Here he is, not blending with the crowd.

A few weeks ago his Halloween costume arrived in the mail. I asked him to try it on. Not only did it fit, but he loved it so much that he wanted to wear it everywhere. It’s a bright yellow Pikachu body suit. There is no blending into the crowd when wearing it. He wore it to the playground. Some former classmates were there and started their teasing. I watched to see how it would play out.

Alex stood up for himself. He told them they were being bullies and that he didn’t like them. They left him alone, then soon left the area. He continued to wear the outfit after they left. No one would rain on his Pikachu parade. Most people love seeing him wear the outfit and smile and say so. If you see a kid wearing something outrageous, say something nice. It helps them more than you know.


Making his project without worrying about the other kids.

Today we went to a homeschool program where he was acquainted with a few of the other kids, but most he hadn’t met before. (We were in Providence, about an hour away from home and away from our usual group.) He knows one of the kids well and they don’t get along at all. He wasn’t distressed about it. He didn’t try to prove himself worthy of her attention. He just went about the business of doing his project.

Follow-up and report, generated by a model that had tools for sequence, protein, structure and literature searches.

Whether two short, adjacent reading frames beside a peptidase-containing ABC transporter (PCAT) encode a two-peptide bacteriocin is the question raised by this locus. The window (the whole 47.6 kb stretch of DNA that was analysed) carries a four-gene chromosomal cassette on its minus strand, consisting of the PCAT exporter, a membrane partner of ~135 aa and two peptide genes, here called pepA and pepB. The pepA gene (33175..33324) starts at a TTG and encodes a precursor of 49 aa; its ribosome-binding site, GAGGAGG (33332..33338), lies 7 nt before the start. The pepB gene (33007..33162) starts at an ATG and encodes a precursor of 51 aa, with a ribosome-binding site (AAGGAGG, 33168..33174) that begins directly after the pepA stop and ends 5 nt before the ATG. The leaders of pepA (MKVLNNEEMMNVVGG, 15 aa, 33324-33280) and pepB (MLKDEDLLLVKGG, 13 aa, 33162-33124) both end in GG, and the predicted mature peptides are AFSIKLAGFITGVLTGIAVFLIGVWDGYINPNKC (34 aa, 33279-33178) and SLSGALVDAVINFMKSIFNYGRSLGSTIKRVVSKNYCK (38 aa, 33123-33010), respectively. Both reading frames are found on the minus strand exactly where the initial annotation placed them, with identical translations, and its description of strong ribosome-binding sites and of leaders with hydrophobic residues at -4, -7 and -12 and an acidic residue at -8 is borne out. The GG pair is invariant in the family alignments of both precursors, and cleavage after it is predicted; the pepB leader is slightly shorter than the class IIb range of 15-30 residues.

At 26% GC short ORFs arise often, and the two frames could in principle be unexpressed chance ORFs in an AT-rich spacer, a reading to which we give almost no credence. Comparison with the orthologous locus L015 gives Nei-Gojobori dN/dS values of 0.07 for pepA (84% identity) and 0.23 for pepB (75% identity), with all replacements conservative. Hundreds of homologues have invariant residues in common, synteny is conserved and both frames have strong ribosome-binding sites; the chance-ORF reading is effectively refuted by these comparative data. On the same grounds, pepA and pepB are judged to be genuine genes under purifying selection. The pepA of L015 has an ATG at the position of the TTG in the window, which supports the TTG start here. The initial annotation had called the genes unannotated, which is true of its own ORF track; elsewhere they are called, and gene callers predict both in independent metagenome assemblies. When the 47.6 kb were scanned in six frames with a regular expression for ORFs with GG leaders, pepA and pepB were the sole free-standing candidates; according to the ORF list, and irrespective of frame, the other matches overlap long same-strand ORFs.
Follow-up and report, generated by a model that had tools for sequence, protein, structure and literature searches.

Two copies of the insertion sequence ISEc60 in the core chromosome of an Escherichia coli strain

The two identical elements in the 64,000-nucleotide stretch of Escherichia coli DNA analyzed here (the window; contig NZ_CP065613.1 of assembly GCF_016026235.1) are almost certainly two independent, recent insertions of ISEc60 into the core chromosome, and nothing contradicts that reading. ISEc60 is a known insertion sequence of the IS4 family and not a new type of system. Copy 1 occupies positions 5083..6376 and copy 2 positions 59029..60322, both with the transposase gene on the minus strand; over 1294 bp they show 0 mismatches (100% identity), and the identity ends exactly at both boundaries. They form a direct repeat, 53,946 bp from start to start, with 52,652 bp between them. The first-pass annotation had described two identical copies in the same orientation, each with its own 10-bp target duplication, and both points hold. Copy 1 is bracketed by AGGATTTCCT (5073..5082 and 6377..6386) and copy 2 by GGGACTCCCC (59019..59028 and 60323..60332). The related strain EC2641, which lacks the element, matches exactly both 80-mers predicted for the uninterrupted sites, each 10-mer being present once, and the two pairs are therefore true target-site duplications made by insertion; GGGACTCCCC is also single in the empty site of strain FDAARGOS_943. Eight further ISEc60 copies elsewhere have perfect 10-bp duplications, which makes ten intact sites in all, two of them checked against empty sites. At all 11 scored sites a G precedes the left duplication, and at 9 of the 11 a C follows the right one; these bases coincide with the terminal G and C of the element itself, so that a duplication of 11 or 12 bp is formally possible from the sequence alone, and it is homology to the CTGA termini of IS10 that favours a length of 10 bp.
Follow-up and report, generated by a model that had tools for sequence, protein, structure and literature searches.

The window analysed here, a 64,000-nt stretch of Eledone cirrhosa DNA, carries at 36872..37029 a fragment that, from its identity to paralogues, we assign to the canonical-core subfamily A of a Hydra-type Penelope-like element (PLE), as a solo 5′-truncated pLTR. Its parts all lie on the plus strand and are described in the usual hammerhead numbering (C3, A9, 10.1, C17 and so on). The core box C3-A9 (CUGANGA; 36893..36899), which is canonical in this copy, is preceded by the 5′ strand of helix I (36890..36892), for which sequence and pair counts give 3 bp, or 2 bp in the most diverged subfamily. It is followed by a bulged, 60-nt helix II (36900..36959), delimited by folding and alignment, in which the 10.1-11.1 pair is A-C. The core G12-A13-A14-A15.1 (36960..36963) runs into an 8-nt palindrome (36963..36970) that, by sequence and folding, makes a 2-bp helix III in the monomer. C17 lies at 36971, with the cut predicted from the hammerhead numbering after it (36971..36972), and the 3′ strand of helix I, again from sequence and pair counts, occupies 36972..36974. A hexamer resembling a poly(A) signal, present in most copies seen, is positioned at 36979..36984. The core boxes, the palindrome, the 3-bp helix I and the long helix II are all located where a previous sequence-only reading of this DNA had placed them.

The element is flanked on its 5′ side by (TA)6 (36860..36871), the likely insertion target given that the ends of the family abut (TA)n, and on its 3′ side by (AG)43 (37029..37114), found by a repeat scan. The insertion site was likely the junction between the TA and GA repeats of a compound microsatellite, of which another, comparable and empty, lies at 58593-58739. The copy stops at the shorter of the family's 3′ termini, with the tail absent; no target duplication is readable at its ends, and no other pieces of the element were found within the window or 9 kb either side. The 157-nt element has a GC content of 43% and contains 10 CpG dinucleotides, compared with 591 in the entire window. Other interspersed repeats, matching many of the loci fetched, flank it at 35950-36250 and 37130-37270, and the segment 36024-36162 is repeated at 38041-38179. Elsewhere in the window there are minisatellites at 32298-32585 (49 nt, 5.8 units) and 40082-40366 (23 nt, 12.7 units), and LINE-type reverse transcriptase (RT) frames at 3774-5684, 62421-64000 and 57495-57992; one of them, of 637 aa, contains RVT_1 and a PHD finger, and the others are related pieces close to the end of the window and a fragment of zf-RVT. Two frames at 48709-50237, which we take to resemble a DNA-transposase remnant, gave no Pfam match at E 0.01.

I used to scratch my head in wonder about why it was so important for him to impress people who really didn’t like him. It takes so much energy and is generally fruitless. To see him put his energy into enjoying himself was wondrous!

As a parent, I want my child to have confidence. I want him to do the things that make him happy without worrying about everyone else’s opinion. I’m happy to see him becoming himself.


Alex Needs Shoes – Again… September 25, 2016

Filed under: Family — Meghan Hamilton @ 1:47 am

His new shoes that happen to match his Halloween costume that he refuses to take off.